Economic Calendar – Top 5 Things to Watch This Week

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© Reuters

By Noreen Burke

.com — In the coming holiday-shortened week stock markets are likely to remain focused on the twin themes of brightening prospects for a coronavirus vaccine against the rapid spread of the pandemic across the . Economic data, including reports on personal spending and consumer confidence will show whether the resurgent virus is prompting concerns over the economic outlook ahead of Black Friday, the kick-off event for the holiday shopping season. PMI data from the euro zone will likely point to a significant decrease in business activity as the new lockdown measures will be fully reflected in the figures. Meanwhile, Britain and the European Union appear to be on the verge of striking a post-Brexit deal. Here is what you need to know to start your week.

Vaccine optimism vs. virus reality

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investors are weighing the risks from the fast spreading virus and a potentially robust economic recovery once a vaccine is widely deployed.

The benchmark S&P 500 index has recently soared to record highs on evidence of high efficacy rates in two experimental vaccines – from Moderna (NASDAQ:MRNA) and jointly from Pfizer (NYSE:PFE) and BioNTech. Both vaccines could be ready for U.S. authorization and distribution within weeks.

But the pandemic remains an immediate with the U.S. recording its 12th million COVID-19 case on Saturday, capping a series of days with record-breaking infections. Meanwhile, millions of Americans are expected to travel for the upcoming Thanksgiving holiday, ignoring warnings from officials about furthering the spread of the virus.

U.S. economic data

The U.S. is due to release data on consumer confidence on Tuesday. Wednesday will be a packed day on the economic calendar with data on personal spending expected to point to a slowdown in October, while figures on third quarter GDP are expected to be unrevised.

Other reports include figures on initial jobless claims, which will be closely watched after an unexpected increase last week signaled that the recovery in the labor market may have stalled. There will also be data on the trade balance, durable goods orders, new home sales and consumer ahead of Thursday’s Thanksgiving holiday.

Later Wednesday, the will publish the minutes of its last meeting with investors on the lookout for any discussion around potential tweaks to its asset purchase program. Meanwhile, appearances by regional Fed presidents Thomas Barkin and Charles Evans on Monday and James Bullard on Tuesday will also be in focus.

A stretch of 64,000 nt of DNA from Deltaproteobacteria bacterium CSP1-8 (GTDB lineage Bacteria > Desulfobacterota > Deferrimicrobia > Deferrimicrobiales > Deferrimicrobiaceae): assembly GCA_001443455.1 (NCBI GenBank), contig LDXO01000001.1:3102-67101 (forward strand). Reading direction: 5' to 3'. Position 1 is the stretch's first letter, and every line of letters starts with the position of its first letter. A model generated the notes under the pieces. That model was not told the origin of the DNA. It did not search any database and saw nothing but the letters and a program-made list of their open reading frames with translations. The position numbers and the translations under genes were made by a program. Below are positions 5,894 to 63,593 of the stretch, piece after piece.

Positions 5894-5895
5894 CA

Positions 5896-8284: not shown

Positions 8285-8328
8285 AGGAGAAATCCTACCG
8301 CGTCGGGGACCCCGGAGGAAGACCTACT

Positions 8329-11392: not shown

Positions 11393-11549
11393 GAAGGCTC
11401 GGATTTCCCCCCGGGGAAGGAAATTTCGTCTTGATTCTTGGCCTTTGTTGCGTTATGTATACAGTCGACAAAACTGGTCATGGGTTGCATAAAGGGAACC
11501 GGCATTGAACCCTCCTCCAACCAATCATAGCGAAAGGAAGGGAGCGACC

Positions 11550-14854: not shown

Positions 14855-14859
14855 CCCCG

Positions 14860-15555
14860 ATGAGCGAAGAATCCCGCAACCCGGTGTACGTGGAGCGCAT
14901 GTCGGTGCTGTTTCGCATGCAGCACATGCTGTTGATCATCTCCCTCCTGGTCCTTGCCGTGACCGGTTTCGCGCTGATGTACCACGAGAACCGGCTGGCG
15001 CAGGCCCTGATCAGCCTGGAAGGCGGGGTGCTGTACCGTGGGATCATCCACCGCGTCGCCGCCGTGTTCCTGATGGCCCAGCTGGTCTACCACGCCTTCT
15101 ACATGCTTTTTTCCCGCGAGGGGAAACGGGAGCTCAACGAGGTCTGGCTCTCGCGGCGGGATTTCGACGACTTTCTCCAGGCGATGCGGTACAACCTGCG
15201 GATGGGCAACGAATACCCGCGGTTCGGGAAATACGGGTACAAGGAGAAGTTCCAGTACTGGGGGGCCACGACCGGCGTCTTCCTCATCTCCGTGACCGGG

Black Friday

In a normal year, U.S. shoppers would be gearing up for “Black Friday,” the traditional start of the holiday shopping season. But not this year. While growing coronavirus cases make the familiar scenes of consumers crowding into stores to snap up bargains unlikely, online orders are expected to surge.

Oxford expects holiday sales to rise only 0.6% from a year ago due to a confluence of coronavirus, suffering incomes and a weak job market. Macy’s (NYSE:M) expects a tough time with a possible 20% sales decline over the fall.

But it’s not all doom and gloom: Walmart (NYSE:WMT) a promising holiday season and upcoming earnings results from Nordstrom (NYSE:JWN), Gap (NYSE:GPS) and Dollar Tree (NASDAQ:DLTR) will offer more insights.

Euro zone PMI pessimism

Preliminary readings of November business activity from the euro zone on Monday are expected to be dismal amid the resurgent coronavirus and the second round of lockdown measures put in place to contain it.

While last month showed a small tick down for most indicators, these readings are expected to show a significant decrease. This will be largely due to the service sector, which is where all restrictive measures have been introduced so far, but there is likely to also be some impact in the manufacturing sector.

Brexit rollercoaster

Britain appears to be on the verge of reaching a post-Brexit trade deal with the European Union that would regulate their relationship after the transition period ends on Jan. 1, 2021 — just six weeks away.

Brexit deadlines have come and gone several times in the past, but negotiators are making a final push and the consensus is London and Brussels will come to some sort of agreement – possibly a bare-bones deal with details to be decided down the line.

Recent gains in sterling and UK stocks imply assets have been buoyed up by hopes for a vaccine and a Brexit deal, but they could be in for a bumpy ride.

–Reuters contributed to this report

Source: Investing.com

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